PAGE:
One notable scholar of religion, Stanley Stowers, defines religion this way:

"Religion consists of variously linked social practices (involving arrangements of entities at sites) that carry understandings involving the existence and activity of gods, ancestors, and various normally unseen beings, and that shade off into other anthropomorphic interpretations of the world." (Stanley Stowers, "The Ontology of Religion," in Introducing Religion Essays in Honor of Jonathan Z. Smith, eds. Smith, Braun and McCutcheon, Equinox Publishing, 2008: 442)

This is the kind of sufficiently broad definition of religion that can be a good starting point for analysis. Rewording Stowers slightly, this definition proposes that a religion consists of (a) certain practices in particular locations; (b) involving extra-human or non-obvious entities; (c) that are sometimes understood in terms that make them seem human-like. To reword this even further, you might say that a religion involves people doing something specific somewhere specific that has to do with stuff they can't necessarily or concretely prove is real.

So how does Jediism measure up? Evidently there are people in various places around the globe who are gathering together to practice some version of Jedi activity. But, until these practices are defined and more established, it's hard to call them organized. Whatever these activities are, they appear to involve at least one non-obvious entity ("the Force"). Beyond these elements, however, the line between the fictional characters of the franchise, its imagined cosmos ("a long time ago" and "far, far away"), and its relevance for our present world is fuzzy at best. I personally wouldn't call Jediism a religion... yet.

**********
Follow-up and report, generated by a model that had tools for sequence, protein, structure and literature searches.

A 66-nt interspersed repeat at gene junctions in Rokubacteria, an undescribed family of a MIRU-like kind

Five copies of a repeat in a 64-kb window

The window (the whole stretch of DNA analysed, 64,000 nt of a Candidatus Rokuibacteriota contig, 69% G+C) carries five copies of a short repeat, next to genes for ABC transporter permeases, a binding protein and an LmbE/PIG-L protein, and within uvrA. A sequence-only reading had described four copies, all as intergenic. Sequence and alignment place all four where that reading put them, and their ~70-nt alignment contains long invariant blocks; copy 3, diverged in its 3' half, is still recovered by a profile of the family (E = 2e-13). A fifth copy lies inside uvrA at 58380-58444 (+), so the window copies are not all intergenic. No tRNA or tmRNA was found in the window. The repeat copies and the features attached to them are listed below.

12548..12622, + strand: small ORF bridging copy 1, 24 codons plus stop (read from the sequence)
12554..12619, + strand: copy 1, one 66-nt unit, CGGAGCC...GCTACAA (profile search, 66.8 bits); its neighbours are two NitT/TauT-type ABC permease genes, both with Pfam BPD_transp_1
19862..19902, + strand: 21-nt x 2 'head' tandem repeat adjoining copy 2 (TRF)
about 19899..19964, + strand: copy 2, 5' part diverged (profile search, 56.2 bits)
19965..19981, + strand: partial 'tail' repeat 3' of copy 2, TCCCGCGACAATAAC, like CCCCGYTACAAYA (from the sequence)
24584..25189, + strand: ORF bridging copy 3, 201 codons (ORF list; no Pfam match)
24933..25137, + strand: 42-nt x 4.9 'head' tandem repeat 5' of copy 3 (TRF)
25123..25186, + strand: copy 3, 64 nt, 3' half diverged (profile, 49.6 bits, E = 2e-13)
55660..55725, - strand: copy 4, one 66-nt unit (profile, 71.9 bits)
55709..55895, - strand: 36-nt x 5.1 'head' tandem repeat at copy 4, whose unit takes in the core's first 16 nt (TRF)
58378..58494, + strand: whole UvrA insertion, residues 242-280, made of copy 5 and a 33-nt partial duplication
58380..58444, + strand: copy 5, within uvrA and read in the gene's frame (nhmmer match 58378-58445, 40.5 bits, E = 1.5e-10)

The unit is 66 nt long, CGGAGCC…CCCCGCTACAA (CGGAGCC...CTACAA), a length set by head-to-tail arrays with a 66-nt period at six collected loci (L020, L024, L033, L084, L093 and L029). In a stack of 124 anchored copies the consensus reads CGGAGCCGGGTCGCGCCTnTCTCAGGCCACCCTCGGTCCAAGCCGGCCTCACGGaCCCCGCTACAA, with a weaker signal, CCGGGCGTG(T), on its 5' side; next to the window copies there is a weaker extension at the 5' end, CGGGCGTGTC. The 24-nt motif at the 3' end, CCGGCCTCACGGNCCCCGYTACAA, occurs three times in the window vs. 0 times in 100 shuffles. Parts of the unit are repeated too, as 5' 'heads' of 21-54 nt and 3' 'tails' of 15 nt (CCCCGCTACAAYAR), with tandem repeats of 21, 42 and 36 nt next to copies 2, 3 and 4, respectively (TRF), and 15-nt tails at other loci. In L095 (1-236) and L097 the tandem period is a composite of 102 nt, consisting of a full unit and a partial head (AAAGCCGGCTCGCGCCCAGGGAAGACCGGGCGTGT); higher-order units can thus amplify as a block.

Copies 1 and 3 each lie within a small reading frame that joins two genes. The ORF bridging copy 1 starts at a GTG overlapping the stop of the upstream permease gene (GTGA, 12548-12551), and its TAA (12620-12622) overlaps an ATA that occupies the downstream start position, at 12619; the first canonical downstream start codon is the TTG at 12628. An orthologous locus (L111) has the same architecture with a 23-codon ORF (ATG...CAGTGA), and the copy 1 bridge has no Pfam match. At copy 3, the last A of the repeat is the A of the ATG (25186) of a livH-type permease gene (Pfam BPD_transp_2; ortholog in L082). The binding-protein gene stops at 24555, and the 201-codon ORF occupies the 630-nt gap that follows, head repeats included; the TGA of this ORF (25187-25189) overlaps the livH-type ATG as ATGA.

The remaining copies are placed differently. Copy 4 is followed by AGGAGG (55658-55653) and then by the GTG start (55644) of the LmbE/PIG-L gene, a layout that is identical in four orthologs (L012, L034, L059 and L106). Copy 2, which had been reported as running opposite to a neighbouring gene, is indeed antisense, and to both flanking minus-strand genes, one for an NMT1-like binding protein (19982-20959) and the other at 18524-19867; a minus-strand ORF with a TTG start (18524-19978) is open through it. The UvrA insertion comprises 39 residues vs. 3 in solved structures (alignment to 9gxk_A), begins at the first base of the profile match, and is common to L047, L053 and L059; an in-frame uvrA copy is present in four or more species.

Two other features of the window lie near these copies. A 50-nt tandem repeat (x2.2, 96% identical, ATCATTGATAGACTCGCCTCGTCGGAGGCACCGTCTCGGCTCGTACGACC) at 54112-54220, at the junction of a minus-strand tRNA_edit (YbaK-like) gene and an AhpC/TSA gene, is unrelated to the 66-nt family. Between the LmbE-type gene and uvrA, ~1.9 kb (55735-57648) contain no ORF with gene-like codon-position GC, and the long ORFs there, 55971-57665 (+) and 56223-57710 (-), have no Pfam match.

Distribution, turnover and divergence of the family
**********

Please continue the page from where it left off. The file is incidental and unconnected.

This doesn't mean it might not become one. In some sense, it is impossible to predict where our religious inclinations will lead us as a society. Setting aside any truth claims about the validity of any specific religious tradition, when a set of practices and beliefs coalesce to "become" a religion in the eyes of society, it happens gradually. It took generations after the death of Jesus, for example, for Christianity to develop into something we might recognize as an established religion. So, one can argue that it's plausible that a beloved narrative like Star Wars could develop into a more concrete set of practices and beliefs.

It is also possible future generations will misunderstand us. I often conduct an exercise in my classes where I pretend that it is the year 4016. I proceed to present a description of life in 2016 that is intentionally full of misinterpretations. The goal of this exercise is to show my students how easy it can be to misunderstand or overestimate our evidence from the past, particularly when it is incomplete (which it always is). Among some of the misjudgments I manufacture are that Kanye West eventually revealed to us that he is the true Messiah, and that we have found fragments of a text called Star Wars that provides an origin story for the moral order of the cosmos. Archaeological data demonstrates that Star Wars was widely cherished in the 20th and 21st centuries by a great number of people with those followers deeply invested in the stories of figures including Luke Skywalker, Leah Organa (Skywalker/Solo), Han Solo, and Darth Vader. The devotion of these followers is evidenced, in part, by the small votive statues, images, and clothing in their domestic spaces. In areas of the world now covered by oceans as a result of global warming, we find submerged evidence of large pilgrimage sites where people would go to worship the Star Wars deities as well as several anthropomorphic animal gods, including a large mouse named Mickey, his consort Minnie, and a figure who appears to be their human priestess, Elsa. You get the idea.

So, in the end, it's plausible the Jedi among us today might be the early prophets who usher in a religious tradition more powerful than any we can possibly imagine.